Hospitals across the country have deferred or canceled non-urgent surgeries to free up bed space and equipment for covid-19 patients. But that triage maneuver cut off a main source of income, causing huge losses that have forced some hospitals to let go of health-care workers as they struggle to treat infected patients.

Last week, Bon Secours Mercy Health, which runs 51 hospitals in seven states, announced it would furlough 700 workers. On Wednesday, Ballad Health, which operates 21 hospitals across Tennessee and southwest Virginia, delivered the same bad news to 1,300 employees and said executives would take pay cuts. Employees at Children’s National Hospital in the District were informed this week that they must take off one week, using either vacation time or, if they have none, unpaid leave.

Hospital executives and analysts emphasize that not all the furloughed or fired workers are directly involved in treating covid-19 patients. Others say the furloughs help reduce the number of people in hospitals, slowing the spread of the virus.

But the absences have put a strain on doctors, nurses and other health-care workers treating a surge of patients that has already stretched some health-care systems to the breaking point. Remaining front-line workers face longer hours, and some have seen their pay cut and benefits reduced.

For hospitals already in bad financial shape before the outbreak, the loss of income has raised doubts about their ability to keep treating patients.

“I’m concerned about the [financially] weakest 25 percent of hospitals, because there’s no way the other hospitals can absorb their covid patients,” said John Fox, the CEO of Beaumont Health, Michigan’s largest hospital system.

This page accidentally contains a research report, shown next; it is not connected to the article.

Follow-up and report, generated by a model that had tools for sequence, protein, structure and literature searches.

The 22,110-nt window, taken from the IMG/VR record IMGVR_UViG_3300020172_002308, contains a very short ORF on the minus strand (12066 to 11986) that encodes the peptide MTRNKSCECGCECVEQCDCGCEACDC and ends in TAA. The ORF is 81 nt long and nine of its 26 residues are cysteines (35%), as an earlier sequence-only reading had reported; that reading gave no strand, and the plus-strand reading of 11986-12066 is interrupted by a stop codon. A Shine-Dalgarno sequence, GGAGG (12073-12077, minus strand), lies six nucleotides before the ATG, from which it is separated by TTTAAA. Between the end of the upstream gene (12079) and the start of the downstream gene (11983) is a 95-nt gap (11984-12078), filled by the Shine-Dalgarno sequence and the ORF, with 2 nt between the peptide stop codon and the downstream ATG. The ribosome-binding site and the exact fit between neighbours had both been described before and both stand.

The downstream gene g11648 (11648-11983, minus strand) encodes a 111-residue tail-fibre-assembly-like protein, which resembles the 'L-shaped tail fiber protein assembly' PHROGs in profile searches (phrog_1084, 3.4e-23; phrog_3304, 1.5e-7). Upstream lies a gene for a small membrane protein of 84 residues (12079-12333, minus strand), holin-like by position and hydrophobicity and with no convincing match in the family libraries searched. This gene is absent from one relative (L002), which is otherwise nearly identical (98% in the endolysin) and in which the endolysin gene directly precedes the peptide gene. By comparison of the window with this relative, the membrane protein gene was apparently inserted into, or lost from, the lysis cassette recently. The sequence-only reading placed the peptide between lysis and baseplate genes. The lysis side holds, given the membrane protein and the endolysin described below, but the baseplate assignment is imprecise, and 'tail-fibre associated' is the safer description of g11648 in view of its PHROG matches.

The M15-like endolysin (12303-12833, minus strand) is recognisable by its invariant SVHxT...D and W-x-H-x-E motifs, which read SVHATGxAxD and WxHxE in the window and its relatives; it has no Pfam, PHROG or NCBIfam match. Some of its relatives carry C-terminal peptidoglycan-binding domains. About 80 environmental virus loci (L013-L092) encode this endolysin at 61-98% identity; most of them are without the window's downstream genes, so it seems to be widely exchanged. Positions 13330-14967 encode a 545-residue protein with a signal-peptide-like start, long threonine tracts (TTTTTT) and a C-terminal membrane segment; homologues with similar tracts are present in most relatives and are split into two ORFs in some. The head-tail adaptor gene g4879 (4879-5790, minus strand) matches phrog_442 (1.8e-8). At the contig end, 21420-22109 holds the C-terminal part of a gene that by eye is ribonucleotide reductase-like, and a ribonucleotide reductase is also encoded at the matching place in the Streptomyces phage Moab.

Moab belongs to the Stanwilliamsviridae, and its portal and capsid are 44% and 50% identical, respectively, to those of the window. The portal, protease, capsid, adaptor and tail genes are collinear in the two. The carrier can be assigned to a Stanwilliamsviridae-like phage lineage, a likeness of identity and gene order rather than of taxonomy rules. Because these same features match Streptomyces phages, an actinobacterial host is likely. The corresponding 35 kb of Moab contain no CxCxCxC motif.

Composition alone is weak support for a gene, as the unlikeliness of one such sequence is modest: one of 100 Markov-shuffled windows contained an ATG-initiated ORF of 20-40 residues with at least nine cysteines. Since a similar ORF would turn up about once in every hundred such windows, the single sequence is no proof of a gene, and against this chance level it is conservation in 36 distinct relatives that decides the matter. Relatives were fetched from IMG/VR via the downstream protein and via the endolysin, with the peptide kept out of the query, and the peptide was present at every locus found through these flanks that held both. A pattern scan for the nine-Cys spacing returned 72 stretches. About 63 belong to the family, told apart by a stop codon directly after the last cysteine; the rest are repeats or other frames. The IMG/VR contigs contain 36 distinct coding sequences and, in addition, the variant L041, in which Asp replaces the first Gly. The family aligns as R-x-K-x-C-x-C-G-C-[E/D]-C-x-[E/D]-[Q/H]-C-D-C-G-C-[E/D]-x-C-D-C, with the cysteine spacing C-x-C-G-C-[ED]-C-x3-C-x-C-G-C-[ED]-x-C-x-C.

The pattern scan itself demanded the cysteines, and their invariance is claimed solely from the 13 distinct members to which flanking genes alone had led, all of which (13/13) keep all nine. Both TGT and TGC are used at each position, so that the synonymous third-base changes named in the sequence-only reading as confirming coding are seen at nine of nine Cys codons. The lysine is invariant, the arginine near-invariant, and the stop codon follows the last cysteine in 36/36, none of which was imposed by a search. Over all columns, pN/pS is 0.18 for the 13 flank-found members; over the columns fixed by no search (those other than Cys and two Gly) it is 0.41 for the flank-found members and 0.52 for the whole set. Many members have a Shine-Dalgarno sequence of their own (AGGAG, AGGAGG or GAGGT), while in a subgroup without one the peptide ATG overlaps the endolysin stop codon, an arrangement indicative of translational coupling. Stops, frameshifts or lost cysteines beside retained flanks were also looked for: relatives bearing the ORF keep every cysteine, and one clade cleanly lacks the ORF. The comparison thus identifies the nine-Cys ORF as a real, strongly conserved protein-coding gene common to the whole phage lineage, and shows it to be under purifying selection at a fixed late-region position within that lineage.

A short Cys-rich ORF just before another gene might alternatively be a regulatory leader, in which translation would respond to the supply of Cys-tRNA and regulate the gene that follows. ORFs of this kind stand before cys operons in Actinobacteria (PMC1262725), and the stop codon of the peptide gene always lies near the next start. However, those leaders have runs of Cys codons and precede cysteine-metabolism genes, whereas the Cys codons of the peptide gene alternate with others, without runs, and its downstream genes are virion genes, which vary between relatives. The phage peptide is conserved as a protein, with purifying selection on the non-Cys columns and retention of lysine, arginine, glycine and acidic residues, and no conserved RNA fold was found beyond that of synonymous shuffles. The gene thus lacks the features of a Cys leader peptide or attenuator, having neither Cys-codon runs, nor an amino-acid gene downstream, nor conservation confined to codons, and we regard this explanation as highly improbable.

“If they start going down, that changes the whole algebra for the size of the system to handle the pandemic,” Fox added. He worries that a surge in patients could overwhelm more stable hospitals. “That’s when you’re treating people on the front lawn.”

It has also made it harder for some hospitals to finance the considerable costs of treating covid-19 patients — from efforts to purchase personal protective equipment and ventilators to setting up drive-by testing sites.

A report this week by the Inspector General for the Health and Human Services Department blamed the cash crunch for ill-timed layoffs and furloughs.

“Hospitals reported laying off staff due to financial difficulties, which further exacerbated workforce shortages and the hospitals’ ability to care for covid-19 patients and the routine patient population,” the IG found.

“One administrator stated that it had been ‘an absolute financial nightmare for hospitals.’ ”

Michigan’s Beaumont is one of the more financially stable hospital systems in the country, Fox said. Under normal conditions, the company earns about $16 million each month in net operating income. But after postponing elective surgeries, Beaumont is losing about $100 million a month, he said.

John Starcher, the chief executive of Bon Secours, told employees that system also was hemorrhaging about $100 million a month.